Kincardine Ontario's
First Settlers 

Kincardine Ontario's First Settlers using a bit of savvy and some luck created a future for themselves and their families on the Lake Huron shoreline.

One hundred and fifty-four years ago, on March 5, 1848, two adventurous men set out on a voyage that would signal. the beginning of a new settlement on the Lake Huron shoreline. 

William Withers and Allan Cameron had spent the winter in Oxford County gathering supplies and preparing for life in the last unsettled region of what would become the Province of Ontario. As the end of winter approached, the brothers-in-law headed to the Lake Huron port of Goderich. There they anxiously awaited the breakup of the ice and good sailing weather. 

Early on the morning of March 5, 1848, Withers and Cameron boarded Captain McGregor's schooner and sailed northward to begin their adventure. The same day, McGregor dropped them on sandy stretch of land near the mouth of a river. 

As the two men stood on the beach surrounded by their gear, they must have stared at the heavily timbered lands crowding the shoreline and despite their excitement, may have been a little overawed by the tasks which lay ahead. They also knew they would be the first of a legion of settlers who would be soon arriving to call this place home. 

Their first objective was survival. Therefore, they needed a place to stay. They cleared brush, cut some trees and erected a crude shelter for their first night in the Upper Canadian wilderness. 

The next day, they began work on a more substantial dwelling. When completed, it would serve as a residence for Cameron and as a place of business. It would become an inn and tavern serving the needs of the wave of settlers that soon would arrive.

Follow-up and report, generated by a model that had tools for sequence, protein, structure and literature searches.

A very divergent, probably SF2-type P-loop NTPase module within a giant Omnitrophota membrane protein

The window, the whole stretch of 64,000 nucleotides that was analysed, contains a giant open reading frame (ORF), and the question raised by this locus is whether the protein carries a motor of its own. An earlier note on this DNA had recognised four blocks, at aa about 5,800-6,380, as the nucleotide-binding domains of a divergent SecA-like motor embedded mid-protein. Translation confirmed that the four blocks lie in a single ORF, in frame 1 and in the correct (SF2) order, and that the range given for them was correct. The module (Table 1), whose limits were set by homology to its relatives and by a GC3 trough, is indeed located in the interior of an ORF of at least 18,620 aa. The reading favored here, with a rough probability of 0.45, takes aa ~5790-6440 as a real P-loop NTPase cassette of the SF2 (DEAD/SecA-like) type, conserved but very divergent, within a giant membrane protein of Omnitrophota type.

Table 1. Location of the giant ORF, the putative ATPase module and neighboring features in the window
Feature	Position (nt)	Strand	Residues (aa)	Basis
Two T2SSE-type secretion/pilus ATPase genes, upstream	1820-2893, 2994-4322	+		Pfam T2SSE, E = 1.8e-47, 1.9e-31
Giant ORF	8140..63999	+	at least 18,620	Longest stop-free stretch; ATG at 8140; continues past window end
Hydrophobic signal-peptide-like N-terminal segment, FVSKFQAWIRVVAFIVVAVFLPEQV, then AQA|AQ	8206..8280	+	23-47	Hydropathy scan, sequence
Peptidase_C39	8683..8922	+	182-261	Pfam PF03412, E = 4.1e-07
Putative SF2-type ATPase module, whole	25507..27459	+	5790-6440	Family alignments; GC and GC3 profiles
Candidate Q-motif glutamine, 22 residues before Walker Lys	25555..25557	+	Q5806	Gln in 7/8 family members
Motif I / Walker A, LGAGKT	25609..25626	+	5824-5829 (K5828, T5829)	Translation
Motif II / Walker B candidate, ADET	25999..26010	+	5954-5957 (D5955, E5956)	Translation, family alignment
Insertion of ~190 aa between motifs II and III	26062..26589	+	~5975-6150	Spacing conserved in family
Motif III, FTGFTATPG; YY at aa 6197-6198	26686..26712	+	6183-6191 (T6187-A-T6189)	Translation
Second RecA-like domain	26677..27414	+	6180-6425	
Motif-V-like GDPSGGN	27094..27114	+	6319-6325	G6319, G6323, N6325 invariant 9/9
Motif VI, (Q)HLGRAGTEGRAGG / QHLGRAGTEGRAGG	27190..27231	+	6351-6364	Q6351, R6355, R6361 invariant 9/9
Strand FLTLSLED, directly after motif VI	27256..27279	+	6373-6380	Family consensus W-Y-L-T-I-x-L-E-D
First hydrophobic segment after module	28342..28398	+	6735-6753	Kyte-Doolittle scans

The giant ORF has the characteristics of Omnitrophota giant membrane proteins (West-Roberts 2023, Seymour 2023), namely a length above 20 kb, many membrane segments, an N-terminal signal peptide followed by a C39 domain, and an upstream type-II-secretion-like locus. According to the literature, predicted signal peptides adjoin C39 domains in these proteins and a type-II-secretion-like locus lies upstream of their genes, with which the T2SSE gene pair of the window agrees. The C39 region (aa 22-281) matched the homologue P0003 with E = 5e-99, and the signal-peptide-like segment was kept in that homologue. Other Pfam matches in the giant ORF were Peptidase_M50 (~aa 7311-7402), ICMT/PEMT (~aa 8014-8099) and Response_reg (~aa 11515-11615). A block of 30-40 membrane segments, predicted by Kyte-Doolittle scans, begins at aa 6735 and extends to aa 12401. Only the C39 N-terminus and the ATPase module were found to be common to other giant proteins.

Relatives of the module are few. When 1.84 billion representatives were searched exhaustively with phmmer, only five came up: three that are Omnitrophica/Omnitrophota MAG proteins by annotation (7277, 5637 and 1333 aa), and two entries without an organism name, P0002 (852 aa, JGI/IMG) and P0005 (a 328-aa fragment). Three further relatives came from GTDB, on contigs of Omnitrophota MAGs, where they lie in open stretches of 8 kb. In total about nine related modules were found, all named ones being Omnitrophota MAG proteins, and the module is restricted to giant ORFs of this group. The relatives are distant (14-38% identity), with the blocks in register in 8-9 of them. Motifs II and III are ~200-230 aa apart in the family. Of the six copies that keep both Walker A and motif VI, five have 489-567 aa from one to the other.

Meanwhile, Withers walked the river's edge looking for a suitable place to build a sawmill that could serve the needs of the settlers. A short distance from the mouth, he discovered a narrows, which, when dammed, could provide the power to run the mill. The mill was complete and ready for business in early 1849, but there was a stumbling block on the horizon. 

In their rush to get the mill ready, they had neglected to secure waterpower rights from the Crown Lands Agent in Goderich. Once the agent became aware of the mill, he issued an order to Withers requiring him to comply with regulations or move his mill. 

Nature Provides a Little Bit of Luck

Fate provided Withers with his answer for the land agent. Heavy rain and a mild spring created a flood on the river. The raging torrents ripped the mill from its location and carried it downstream. For Withers, the situation was simple. He moved his mill to a new location just east of the town plot on Concession 2 south of the Durham Road. When the prospective settlers arrived, Withers' mill became a successful business. 

On March 5, 1848, William Withers and Allan Cameron became the first settlers in the area that would become the Bruce County town of Kincardine. 

A version of this story first appeared in my Local History column in the Owen Sound Sun Times on April 3, 2002.